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  • #16


    • #17
      Other than some mysteries, I have never seen a flashback anywhere that:
      - could not be eliminated, or
      - moved to the beginning of the story, or
      - done in a different way to BETTER move the story forward.

      Your entire scene could have been:


      Mitch picks up the framed photo of Anders, looks at it a moment, and angrily flings it out the window.

      What's more important than WHY he did that is what happened in the previous scenes to bring Mitch to this point - and - what he does next in the following scene.

      If the swimming pool incident is that important to Mitch, he is going to have to confront Anders (or his father) about it.

      Keep your story in the present - in the now. Don't risk destroying the momentum of your story by stopping to explain something.


      • #18
        a new topic. it's refreshing when someone sparks a new debate. like young love and lemonade.



        • #19

          Sometimes being tempted to use too many flashbacks can be a symptom of another problem. It can occur when your backstory is more important than the present-day proceedings of your screenplay.

          You have
          1. childhood incidences causing a bad relationship between two brothers
          2. a love triangle and a murder
          3. and (presumably) some kind of courtroom drama.

          My guess, the action and passion is mostly in 1. and 2. whereas you might have problems injecting the same kind of interest into 3. That's why you're tempted to use so many flashbacks - because these scenes from the past are more interesting and easier to write.

          Try to pitch the story to yourself or friends and see what you're most excited to talk about. Chances are, that's where your story is.

          Put the story in a logline and see if your protagonist is active enough, and if the story idea is interesting enough without all the flashback details.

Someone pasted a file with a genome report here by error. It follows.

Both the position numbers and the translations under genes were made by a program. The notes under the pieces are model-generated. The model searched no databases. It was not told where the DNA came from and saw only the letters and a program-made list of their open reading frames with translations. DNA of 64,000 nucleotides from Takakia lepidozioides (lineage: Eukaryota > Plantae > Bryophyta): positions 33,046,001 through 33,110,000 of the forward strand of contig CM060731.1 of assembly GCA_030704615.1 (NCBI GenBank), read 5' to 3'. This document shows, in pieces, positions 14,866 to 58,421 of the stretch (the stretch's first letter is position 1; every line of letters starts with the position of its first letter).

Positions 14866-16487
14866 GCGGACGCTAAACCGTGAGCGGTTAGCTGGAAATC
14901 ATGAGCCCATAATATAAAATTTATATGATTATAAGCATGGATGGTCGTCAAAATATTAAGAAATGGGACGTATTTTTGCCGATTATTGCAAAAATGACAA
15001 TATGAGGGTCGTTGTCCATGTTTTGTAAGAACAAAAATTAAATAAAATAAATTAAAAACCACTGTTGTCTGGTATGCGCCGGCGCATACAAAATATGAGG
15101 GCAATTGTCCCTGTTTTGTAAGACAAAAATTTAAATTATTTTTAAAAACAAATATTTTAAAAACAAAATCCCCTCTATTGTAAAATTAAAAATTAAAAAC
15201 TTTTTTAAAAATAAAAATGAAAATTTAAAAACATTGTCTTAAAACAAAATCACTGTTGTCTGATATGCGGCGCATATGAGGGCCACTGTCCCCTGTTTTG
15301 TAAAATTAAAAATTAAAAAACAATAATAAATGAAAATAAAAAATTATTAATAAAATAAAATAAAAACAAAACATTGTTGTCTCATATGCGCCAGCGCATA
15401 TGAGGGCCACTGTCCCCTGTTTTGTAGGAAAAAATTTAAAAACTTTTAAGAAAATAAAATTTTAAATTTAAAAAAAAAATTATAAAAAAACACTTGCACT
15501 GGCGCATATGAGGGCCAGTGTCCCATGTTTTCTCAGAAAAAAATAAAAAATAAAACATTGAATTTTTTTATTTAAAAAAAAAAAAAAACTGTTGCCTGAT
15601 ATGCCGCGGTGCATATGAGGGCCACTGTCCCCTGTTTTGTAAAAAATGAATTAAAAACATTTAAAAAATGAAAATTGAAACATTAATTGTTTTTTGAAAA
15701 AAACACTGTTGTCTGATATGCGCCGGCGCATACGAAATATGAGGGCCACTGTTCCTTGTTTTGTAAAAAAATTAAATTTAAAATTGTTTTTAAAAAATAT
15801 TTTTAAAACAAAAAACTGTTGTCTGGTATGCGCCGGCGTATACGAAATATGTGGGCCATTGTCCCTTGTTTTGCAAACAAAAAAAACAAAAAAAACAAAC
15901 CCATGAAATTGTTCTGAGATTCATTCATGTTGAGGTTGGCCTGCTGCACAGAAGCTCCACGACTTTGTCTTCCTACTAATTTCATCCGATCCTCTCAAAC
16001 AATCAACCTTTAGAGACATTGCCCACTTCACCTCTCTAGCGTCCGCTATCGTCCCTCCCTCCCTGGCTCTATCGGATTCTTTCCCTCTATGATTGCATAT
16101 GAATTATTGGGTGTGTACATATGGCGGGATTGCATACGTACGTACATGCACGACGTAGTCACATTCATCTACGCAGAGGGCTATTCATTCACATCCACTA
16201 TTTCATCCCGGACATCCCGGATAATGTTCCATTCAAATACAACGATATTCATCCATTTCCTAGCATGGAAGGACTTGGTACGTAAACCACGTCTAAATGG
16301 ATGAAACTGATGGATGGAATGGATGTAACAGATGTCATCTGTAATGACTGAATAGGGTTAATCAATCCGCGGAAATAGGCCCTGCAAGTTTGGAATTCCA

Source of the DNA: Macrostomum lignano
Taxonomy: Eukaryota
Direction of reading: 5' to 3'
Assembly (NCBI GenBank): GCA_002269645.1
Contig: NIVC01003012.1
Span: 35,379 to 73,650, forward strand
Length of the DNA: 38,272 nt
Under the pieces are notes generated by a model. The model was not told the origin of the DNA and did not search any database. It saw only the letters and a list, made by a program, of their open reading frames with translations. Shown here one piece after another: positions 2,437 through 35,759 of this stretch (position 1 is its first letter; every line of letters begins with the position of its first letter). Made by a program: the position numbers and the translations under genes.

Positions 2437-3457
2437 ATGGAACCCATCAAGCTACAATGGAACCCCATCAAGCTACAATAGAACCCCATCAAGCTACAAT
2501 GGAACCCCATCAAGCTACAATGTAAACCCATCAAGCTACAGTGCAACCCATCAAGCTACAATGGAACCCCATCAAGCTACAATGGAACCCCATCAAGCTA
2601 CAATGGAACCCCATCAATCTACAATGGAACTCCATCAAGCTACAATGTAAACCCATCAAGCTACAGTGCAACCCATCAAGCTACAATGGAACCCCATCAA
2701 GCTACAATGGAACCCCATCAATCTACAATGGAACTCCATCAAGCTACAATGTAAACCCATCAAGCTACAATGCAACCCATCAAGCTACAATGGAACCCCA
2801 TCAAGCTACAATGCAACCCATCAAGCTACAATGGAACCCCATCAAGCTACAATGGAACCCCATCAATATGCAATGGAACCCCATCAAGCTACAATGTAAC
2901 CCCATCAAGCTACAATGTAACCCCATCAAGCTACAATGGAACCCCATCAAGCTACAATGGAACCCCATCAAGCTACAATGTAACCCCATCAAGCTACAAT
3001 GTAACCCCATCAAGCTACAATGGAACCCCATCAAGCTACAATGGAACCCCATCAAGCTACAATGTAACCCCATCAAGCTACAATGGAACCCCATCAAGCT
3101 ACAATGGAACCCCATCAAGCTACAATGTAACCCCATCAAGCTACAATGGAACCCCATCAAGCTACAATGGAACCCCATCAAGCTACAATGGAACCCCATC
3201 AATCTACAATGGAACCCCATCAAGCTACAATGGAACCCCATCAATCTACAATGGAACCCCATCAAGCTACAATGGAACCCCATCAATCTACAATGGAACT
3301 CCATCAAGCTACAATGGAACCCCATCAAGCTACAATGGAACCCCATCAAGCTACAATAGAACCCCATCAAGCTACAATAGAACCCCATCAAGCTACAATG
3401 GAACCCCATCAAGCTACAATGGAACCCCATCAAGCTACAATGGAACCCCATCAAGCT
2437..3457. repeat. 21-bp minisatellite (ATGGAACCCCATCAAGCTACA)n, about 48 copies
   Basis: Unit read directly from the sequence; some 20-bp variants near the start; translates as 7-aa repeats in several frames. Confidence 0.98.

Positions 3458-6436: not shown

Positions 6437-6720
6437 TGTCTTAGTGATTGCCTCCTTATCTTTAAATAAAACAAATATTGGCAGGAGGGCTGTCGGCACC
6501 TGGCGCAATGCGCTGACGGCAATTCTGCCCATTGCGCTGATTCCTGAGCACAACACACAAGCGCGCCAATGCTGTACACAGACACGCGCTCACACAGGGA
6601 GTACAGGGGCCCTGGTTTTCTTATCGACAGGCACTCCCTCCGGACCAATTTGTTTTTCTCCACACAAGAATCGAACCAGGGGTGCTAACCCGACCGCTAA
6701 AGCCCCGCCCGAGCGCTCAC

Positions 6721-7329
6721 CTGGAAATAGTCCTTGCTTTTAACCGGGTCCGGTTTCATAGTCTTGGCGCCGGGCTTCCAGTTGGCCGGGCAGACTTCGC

My guess is: If you had a kick-ass story about the present-day lawyer, his brother, his father, etc. you wouldn't need so many flashbacks... you wouldn't even have room for them, because what's happening in the present is so much more immediate and interesting! Flashbacks would feel like they're getting in the way.

          On the other hand, maybe your present-day plot is a bit flimsy and weak, and you're using flashbacks as a crutch to prop up a story that can't stand on its own. (Not saying that it is, it's just a possibility on the other end of the spectrum.)

          It's hard to center a screenplay around a bad relationship between two brothers where one got bullied a bit too often twenty years earlier.


          • #20

            did not read your entire post, but flashbacks are fine. they are used all the time. i, robot for instance uses them extensively. on this board flashbacks get trashed. unfortunately, most posts on this board are written by wannabes shmucks who don't know @#%$ about writing




            • #21
              I still don't like flashback #1.

              And kojled...are you a wannabe shmuck or a professional shmuck?


              • #22

                They are used all the time. But for me, it most often cheapens the moment. Sure, everyone can find examples that work well ,like FREQUENCY or STEALING HOME. But that's because they are part of the 'texture' of the story. It's not as much a flashback as a 'non-linear' part of the fabric.

                If the flashback is a blanket delivery of exposition? Cover it with lime and six feet of dirt then pee on it.

                But, if it helps throw your story forward and it can bridge a gap for you - write it. In 15 rewrites you'll know whether it's going to stick or you found a better solution.


                • #23

                  i, robot for instance uses them extensively

                  Shall we chalk this one up for the pro or con argument?


                  • #24
                    I, Robot

                    Just FYI, those flashbacks weren't in the script. Not even in the final draft. They were a directorial choice - an effective means to shorten the story and lessen exposition...


                    • #25

                      I have thought about it. Yeah, flashback #1 is unnecessary and is discarded.